He directed and co-starred in the comedy series ‘The Partners’ in 1971, but it only lasted twenty episodes. That same year, he appeared in the television film ‘Confessions of a Top Crime Buster.’
Following that, he directed television commercials, which he was very successful at. He won a ‘Clio Award’ for direction for his 1970s commercial for ‘Aurora Skittle Pool.’
He appeared as a celebrity guest in an episode of ‘The New Scooby-Doo Movies’ created by the legendary animation duo Hanna-Barbera in the early 1970s.
He returned to mainstream television in 1975, hosting his own show ‘Don Adams’ Screen Test,’ but it was cancelled after one season.
From 1976 to 1979, he appeared in television films such as ‘Three Times Daley’ and ‘The Love Boat,’ as well as television series such as ‘The Fantastic Journey’ and ‘Fantasy Island.’
He appeared in the big-screen film ‘The Nude Bomb’ in 1980, but it was a flop. That same year, he narrated the television film ‘Murder Can Hurt You!’
In 1982, he reprised his ‘Maxwell Smart’ character in a series of television commercials for the retail chain ‘Savemart.’ During that time, he also did radio commercials for ‘Chief Auto Parts.’
From 1983 to 1985, he played the eponymous character in the TV show ‘Inspector Gadget,’ which became his most memorable voiceover work.
From 1985 to 1988, he starred in the Canadian comedy series ‘Check It Out!’ as the store manager dealing with bumbling employees.
In 1989, he reprised his role as ‘Maxwell Smart’ in the television film ‘Get Smart, Again!’
He appeared in the 1992 Christmas special television film ‘Inspector Gadget Saves Christmas.’
He launched a sequel to ‘Get Smart’ in 1995, but it only lasted seven episodes.
He played ‘Gadget Boy’ in the ‘Inspector Gadget’ spinoffs ‘Gadget Boy & Heather’ and ‘Gadget Boy’s Adventures in History’ from 1995 to 1997. During this time, he also reprised his ‘Inspector Gadget’ role in the series ‘Inspector Gadget’s Field Trip.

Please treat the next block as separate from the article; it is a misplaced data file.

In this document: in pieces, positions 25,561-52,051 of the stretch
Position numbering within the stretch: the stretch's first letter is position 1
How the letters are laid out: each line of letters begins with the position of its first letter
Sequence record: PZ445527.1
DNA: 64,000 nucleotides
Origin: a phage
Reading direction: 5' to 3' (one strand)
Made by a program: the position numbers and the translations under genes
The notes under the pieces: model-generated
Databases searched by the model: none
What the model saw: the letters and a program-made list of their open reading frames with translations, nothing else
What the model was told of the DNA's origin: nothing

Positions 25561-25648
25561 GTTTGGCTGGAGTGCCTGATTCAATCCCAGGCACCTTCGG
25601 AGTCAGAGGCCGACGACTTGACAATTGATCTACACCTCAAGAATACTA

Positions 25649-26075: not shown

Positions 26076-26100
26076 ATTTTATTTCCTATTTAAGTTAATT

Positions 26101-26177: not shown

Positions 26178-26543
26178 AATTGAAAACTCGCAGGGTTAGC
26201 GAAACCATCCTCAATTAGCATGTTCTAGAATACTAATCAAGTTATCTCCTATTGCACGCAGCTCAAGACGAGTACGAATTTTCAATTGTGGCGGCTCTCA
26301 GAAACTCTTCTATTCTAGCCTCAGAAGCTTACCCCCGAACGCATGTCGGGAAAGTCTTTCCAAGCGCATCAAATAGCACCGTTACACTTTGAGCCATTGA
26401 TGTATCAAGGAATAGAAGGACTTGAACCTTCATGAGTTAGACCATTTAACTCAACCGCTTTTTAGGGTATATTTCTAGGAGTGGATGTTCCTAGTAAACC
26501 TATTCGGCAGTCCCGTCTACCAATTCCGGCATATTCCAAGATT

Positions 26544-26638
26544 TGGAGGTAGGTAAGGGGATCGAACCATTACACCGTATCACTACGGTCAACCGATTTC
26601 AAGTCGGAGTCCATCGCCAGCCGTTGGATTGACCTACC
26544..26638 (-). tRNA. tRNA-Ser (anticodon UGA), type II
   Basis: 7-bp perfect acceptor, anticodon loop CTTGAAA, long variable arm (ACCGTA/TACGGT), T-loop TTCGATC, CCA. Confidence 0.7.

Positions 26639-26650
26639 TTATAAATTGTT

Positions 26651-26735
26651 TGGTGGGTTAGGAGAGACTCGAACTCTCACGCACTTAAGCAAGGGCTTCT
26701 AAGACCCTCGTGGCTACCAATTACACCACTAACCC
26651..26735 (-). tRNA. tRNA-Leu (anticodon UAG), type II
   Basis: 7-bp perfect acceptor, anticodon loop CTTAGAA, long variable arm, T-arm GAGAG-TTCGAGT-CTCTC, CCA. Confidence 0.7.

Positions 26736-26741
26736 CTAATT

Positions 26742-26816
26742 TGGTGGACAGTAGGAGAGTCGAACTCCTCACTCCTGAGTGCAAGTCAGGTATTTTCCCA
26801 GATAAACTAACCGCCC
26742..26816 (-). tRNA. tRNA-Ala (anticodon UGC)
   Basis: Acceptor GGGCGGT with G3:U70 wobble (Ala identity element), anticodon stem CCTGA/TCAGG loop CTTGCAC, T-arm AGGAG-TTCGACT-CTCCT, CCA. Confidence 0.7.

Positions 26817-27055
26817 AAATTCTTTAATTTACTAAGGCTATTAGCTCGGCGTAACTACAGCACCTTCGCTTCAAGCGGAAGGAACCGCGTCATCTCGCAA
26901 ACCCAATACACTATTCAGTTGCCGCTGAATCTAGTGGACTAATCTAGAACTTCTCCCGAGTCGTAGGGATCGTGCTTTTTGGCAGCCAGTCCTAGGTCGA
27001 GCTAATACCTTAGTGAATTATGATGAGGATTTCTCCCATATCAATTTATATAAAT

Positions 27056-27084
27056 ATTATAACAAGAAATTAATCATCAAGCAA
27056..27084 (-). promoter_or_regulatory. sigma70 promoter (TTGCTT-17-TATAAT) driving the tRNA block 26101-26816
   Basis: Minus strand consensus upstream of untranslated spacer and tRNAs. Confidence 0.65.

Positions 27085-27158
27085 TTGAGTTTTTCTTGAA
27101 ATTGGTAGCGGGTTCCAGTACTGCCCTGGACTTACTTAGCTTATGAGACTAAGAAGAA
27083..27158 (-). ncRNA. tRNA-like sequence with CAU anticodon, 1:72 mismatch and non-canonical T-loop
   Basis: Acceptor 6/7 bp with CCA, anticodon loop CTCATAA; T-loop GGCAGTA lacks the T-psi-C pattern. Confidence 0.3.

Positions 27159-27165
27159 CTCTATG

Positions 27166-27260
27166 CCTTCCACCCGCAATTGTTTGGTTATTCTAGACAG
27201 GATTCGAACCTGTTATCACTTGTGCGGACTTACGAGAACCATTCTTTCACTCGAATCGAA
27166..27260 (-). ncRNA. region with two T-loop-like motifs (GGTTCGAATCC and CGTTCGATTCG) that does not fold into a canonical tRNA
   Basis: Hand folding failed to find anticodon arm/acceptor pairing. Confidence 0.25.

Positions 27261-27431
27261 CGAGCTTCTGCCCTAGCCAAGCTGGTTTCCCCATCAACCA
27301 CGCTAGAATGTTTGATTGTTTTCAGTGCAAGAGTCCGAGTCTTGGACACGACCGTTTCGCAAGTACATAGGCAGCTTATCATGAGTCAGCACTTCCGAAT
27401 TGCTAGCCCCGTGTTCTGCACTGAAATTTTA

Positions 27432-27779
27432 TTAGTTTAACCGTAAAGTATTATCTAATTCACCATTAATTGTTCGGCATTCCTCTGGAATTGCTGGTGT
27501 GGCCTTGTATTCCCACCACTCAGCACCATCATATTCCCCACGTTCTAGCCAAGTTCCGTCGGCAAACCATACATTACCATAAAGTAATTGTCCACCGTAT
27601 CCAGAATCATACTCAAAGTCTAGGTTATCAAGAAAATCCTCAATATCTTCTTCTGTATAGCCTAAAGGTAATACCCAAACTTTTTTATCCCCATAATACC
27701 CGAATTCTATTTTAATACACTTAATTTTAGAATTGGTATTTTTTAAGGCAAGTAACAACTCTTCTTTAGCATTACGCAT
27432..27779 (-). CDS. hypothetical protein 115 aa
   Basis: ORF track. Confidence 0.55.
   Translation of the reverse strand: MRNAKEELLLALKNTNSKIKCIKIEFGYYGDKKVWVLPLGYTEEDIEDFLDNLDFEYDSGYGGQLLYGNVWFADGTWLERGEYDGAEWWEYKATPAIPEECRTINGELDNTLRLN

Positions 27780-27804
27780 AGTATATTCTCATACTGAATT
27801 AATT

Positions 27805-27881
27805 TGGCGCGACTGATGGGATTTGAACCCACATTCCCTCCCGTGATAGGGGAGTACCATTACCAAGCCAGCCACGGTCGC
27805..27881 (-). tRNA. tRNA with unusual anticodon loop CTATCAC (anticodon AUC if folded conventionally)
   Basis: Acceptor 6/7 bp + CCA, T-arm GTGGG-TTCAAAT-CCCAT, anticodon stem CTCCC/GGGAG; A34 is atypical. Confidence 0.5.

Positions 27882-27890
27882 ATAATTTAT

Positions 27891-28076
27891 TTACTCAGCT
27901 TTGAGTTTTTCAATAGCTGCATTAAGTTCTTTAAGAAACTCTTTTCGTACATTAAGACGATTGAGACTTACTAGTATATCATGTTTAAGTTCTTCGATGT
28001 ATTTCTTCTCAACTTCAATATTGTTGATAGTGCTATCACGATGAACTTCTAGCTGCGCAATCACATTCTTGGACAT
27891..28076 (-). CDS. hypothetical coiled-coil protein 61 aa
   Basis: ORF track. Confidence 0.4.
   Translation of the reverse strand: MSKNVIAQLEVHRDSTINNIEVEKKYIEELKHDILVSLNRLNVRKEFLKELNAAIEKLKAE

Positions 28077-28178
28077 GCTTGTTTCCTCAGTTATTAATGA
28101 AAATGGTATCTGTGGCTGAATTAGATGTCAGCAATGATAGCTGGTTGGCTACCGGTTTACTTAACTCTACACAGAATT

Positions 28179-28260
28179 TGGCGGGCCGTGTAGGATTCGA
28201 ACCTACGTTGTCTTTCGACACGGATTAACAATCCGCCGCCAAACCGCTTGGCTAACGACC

From 1998 to 1999, he focused on voiceover work for animated series such as ‘Pepper Ann’ and a character in the Hollywood film ‘Inspector Gadget.’
Though his acting roles dried up near the end of his career, he continued to make money by performing stand-up comedy in nightclubs and receiving royalties from reruns of his show ‘Get Smart.’
In 2003, he made his final public appearance at a gathering of the ‘Get Smart’ cast and crew at a Los Angeles restaurant.
Personal Life & Wives
Don Adams was married three times: the first time to Adelaide Efantis (Adelaide Adams), the second time to Dorothy Bracken, and the third time to Judy Luciano.
Carolyn, Christine, Cathy, Cecily, Stacey, Sean, and Beige were his seven children from various marriages.
His daughter, Cecily, died a year before his death from lung cancer, and his son, Sean, died a year later from a brain tumor.
In his spare time, he enjoyed gambling, painting, and poetry.
On September 25, 2005, in the presence of his family, he died from a lung infection while battling lymphoma and recovering from a broken hip at ‘Cedars-Sinai Medical Center’ in Los Angeles, California.
He is laid to rest alongside Hollywood legends at the ‘Hollywood Forever Cemetery.’
Don Adams Quotes
I like getting married, but I don’t like being married.
I did movie star impressions as a kid in high school. Somehow they just got out of hand.
I’ve been paying alimony since I was 14 and child support since 15. That’s a joke, but not by much.
Sometimes I wonder how I got into comedy at all.
Maxwell is serious, dedicated, awkward, forgetful, pompous to a certain degree, sentimental.
It was a special show that became a cult classic of sorts, and I made a lot of money for it.
I am a quick study – I can memorize a script in an hour – but I can’t remember a name three seconds. I’ve even forgotten my wife’s name on occasion.
I was married awfully young and I felt trapped. My wife had been divorced and all the time we were married we were out of the Church. It wasn’t until we were divorced that we became good Catholics again.
View our larger collection of the best Don Adams quotes.